The £5000 First Prize in the Open Category in the Hippocrates Prize was awarded to Maya Catherine Popa from New York City for a poem inspired by her neuroscientist great grandfather.
Maya Popa was among 9 poets from the US named in the 2015 Hippocrates Prize for Poetry and
Medicine announced on Friday May 22nd at an Awards Ceremony in
London at the close of an International Symposium on Poetry and Medicine.
|Maya Catherine Popa|
The Hippocrates Prize is an annual award with a closing date of 31st January.
About her poem A Technique for Operating on the Past, Maya said: "There is something pleasantly elliptical about the fact that a neuroscientist relies on the very instrument that is the subject of his study. I had long wanted to write a poem about Gr.T. Popa, my great-grandfather, after whom the Medical University in Iași, Romania, is named.
He worked on neuro-morphology in the 1930s and 40s, but his remarkable research was ultimately cut short in light of his anti-fascist, and anti-communist affiliations. That he was forced into hiding and died of a routine ailment while escaping the communists still seems a dark irony. In a way, writing this poem felt like a letter to him, an acknowledgement of that unfairness."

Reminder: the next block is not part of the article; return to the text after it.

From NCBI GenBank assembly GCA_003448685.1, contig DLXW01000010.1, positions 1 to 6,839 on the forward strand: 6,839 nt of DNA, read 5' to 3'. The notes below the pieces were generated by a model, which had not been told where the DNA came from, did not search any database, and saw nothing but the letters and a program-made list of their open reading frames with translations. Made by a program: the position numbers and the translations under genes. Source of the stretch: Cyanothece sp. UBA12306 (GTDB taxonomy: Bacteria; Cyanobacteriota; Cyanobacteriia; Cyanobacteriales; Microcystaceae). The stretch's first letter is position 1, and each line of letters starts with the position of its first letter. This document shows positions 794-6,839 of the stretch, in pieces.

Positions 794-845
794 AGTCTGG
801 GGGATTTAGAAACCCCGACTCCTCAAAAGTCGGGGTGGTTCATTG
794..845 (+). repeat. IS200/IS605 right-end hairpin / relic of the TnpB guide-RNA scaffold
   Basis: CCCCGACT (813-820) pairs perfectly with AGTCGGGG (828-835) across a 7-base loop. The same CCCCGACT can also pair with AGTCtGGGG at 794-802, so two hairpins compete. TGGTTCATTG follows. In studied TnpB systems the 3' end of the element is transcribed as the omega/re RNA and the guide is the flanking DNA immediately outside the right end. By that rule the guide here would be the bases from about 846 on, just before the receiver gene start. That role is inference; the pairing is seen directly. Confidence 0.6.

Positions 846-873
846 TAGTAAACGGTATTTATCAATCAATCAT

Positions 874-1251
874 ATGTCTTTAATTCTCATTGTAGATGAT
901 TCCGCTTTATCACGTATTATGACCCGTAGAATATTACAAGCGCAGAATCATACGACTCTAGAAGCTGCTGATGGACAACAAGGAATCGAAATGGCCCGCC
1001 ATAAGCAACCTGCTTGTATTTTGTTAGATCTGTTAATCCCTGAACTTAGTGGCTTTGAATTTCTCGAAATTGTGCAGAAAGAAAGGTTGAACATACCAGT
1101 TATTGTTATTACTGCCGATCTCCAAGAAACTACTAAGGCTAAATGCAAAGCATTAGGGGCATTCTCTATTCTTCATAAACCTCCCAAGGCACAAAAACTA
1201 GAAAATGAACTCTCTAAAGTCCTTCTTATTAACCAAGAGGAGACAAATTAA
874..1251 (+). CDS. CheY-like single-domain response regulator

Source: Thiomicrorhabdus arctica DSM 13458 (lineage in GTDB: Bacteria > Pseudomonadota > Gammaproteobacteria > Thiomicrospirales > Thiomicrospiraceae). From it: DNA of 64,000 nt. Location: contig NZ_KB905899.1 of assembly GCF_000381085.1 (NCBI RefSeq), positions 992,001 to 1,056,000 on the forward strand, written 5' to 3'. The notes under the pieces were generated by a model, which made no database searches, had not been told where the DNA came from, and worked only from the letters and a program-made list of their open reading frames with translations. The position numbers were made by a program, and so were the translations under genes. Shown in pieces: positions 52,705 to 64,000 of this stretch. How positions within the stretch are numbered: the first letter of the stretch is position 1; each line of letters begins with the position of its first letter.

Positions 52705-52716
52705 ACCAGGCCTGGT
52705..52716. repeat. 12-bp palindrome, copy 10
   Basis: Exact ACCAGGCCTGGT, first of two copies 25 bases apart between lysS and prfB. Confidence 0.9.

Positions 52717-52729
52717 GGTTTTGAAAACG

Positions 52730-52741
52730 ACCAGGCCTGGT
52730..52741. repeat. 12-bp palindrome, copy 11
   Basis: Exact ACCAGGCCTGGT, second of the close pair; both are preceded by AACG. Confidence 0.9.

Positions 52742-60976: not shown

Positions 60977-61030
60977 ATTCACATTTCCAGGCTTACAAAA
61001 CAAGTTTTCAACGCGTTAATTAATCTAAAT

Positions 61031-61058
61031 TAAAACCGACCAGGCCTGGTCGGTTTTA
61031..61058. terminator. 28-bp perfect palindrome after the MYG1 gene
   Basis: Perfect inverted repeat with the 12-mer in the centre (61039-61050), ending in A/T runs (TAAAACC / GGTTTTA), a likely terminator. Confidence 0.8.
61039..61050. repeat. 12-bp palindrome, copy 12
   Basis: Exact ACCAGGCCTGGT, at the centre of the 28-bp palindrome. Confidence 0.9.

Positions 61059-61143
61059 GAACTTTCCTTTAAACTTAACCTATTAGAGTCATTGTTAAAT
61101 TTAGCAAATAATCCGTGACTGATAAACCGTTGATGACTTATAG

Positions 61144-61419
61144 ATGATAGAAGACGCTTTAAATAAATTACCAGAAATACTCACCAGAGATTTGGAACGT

Maya Popa is a teacher and writer living in New York City. She holds degrees from Oxford University, where she was a Clarendon Scholar, NYU, and Barnard College. Her poetry appears in Tin House, Kenyon Review, Poetry London, and elsewhere. Her essays and criticism appear widely, including in Poets & Writers Magazine, PN Review, The Rumpus, and The Huffington Post. Her first collection of poems, Severe Clear, was completed this year.
A further 4 US poets were commended in the Hippocrates Open Prize: Richard Brostoff from Belmont Massachusetts, Eleanor Ellis from Portland, Oregon, Elisabeth Murawski from Alexandria, Virginia and Nicole Rubin from Farmington, Connecticut.
Also featured from the US were 4 poets in the Hippocrates Young Poet Prize. Parisa Thepmankorn from Rockaway, New Jersey received the £500 2015 Hippocrates Young Poet Prize and Alex Greenberg from New York City and Alexandra Spensley from Ohio were shortlisted and Talin Tahajian from the Boston area, now studying in Cambridge, England, commended, as Young Poets.
Two Scots poets commended by Hippocrates Prize for poems inspired by Edinburgh's Royal College of Surgeons
The Hippocrates £5000 UK NHS first prize went to former counsellor Kate Compston from Cornwall for a poem about revealing the diagnosis of dementia.